Being able to go with the flow — be it adverse weather, changing market conditions, or changing family needs — has always been a part of farming. Today, with climate change, economic volatility, international trade wars and changing consumer perceptions of food and farming, resiliency to weather any type of storm is more important than ever.
Adding that resiliency to a dairy operation often requires a focus on feeding. That all-important income over feed cost ratio always plays a role in the financial well-being of any livestock operation. And, for certified organic dairy producers, getting the most out of your feed requires grazing the healthiest pastures to make milk and at the very least meeting the requirements for pasture intake.
Fay Benson, Cornell Cooperative Extension Small Dairy Support Specialist with the South Central New York Regional Team, recently organized a pasture walk and educational presentation to demonstrate how one organic dairy farmer has been adding resiliency to his pastures, and offer expert advice on how to do so, and why it matters.
Larry and Denise Moore, of Lansing, NY, have shipped milk to Organic Valley for just over a decade. They grow all of their own feed for the herd of registered Holsteins and Milking Shorthorn crosses. Feed crops include oats, corn, soy, winter triticale and a variety of wheat species. But with 65 acres on the home farm and a total of 400 acres spread out, with some fields more than two miles away, the limited amount of pasture available to the 55 cow milking herd makes it challenging to meet the organic pasture requirement and to optimize milk from grazing.
“I’m still trying to learn how to make more milk off my pastures,” Larry Moore said. Prior to receiving organic certification he “used to grow crops here, and used pasture primarily as exercise.”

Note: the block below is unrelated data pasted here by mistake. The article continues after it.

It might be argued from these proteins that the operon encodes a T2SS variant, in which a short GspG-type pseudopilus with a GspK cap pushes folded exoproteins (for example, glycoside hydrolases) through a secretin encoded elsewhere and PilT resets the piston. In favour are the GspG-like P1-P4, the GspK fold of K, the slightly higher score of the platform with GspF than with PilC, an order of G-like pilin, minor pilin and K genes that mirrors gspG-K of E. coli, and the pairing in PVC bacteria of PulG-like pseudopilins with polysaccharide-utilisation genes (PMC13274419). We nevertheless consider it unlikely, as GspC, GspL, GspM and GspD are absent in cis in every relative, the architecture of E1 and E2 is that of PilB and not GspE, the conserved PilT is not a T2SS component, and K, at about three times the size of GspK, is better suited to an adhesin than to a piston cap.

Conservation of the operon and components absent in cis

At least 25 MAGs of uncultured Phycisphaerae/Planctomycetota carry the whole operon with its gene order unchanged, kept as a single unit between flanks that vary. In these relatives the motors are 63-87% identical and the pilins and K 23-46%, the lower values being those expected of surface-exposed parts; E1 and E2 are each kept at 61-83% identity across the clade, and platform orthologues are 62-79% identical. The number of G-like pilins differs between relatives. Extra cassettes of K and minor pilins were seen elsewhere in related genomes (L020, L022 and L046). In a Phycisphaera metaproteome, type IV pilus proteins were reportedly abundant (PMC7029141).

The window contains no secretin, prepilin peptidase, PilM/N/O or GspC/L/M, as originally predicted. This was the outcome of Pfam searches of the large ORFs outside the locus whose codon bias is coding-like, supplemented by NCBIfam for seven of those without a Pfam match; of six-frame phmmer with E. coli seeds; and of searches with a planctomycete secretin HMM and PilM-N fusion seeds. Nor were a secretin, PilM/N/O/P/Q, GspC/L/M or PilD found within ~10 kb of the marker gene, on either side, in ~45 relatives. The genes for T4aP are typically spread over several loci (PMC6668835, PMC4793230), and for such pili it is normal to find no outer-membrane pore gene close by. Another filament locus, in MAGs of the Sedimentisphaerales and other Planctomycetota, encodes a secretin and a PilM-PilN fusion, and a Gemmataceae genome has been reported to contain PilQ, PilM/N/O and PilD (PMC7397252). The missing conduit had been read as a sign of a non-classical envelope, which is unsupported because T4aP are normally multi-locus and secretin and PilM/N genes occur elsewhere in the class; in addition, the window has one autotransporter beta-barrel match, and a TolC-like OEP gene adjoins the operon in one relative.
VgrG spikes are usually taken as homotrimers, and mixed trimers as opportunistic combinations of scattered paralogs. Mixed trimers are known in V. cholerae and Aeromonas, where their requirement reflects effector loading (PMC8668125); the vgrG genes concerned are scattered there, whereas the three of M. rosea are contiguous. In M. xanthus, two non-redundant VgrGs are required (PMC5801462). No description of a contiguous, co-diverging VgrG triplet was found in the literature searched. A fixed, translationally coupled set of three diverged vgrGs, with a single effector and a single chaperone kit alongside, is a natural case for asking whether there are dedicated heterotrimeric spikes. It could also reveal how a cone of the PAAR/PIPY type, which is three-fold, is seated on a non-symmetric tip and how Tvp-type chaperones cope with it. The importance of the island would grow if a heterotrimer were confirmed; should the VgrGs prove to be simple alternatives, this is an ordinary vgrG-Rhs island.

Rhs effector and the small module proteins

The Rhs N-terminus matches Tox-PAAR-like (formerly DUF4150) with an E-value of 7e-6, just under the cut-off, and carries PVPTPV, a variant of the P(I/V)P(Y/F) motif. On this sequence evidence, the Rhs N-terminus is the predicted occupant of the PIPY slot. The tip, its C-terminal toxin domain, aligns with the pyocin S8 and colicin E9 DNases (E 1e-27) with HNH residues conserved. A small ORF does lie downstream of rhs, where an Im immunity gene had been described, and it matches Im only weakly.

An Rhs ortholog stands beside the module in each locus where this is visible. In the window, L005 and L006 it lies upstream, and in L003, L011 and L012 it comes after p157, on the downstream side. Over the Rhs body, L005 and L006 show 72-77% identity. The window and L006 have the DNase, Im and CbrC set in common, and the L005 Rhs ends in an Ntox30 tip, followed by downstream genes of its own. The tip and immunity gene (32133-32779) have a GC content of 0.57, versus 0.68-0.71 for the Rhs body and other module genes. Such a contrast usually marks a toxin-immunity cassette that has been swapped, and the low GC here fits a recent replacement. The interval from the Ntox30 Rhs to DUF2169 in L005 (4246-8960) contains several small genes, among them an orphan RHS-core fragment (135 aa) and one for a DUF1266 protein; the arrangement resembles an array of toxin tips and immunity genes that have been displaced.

Moore was losing milk due to the refusal of the cows to eat the tall fescue which was dominant in several fields. Moore had originally seeded the fescue as a part of a pasture mix. Soon an abundance of tall fescue in some of the fields meant that his pastures needed renovation in order to support grazing the milking herd.
“It works great in the silo to feed cows, but it doesn’t work well for foraging,” Moore said of the tall fescue. “It is a beautiful feed, but the cows chose not to eat it.”
Morgan Hartman, the Dairy and Livestock Coordinator from NOFA-NY, had some positive things to add about tall fescue as a forage, however. “For winter feed with the plant growing in the pasture and cows grazing it, you can’t beat it,” and in the southeastern states, dairy farmers routinely graze tall fescue in the winter season. After a few frosts, the endophyte toxins found in the roots are neutralized, and it will then “make an excellent forage,” he explained.
For Moore, however, grazing stockpiled tall fescue during the winter months wasn’t going to provide the milk production he needed. Working with Benson several years ago, Moore decided to till some of the fescue-heavy fields in the spring, and sow summer annuals mixed with pasture grasses in an attempt to out-compete the fescue and renovate the pasture forages.
“We’ll do a little bit each year until we get our pastures restored,” Moore said, renovating fields of four to six acres each season, hoping to eliminate the tall fescue while providing nutritious forage immediately, and re-establishing a balanced pasture mix long-term.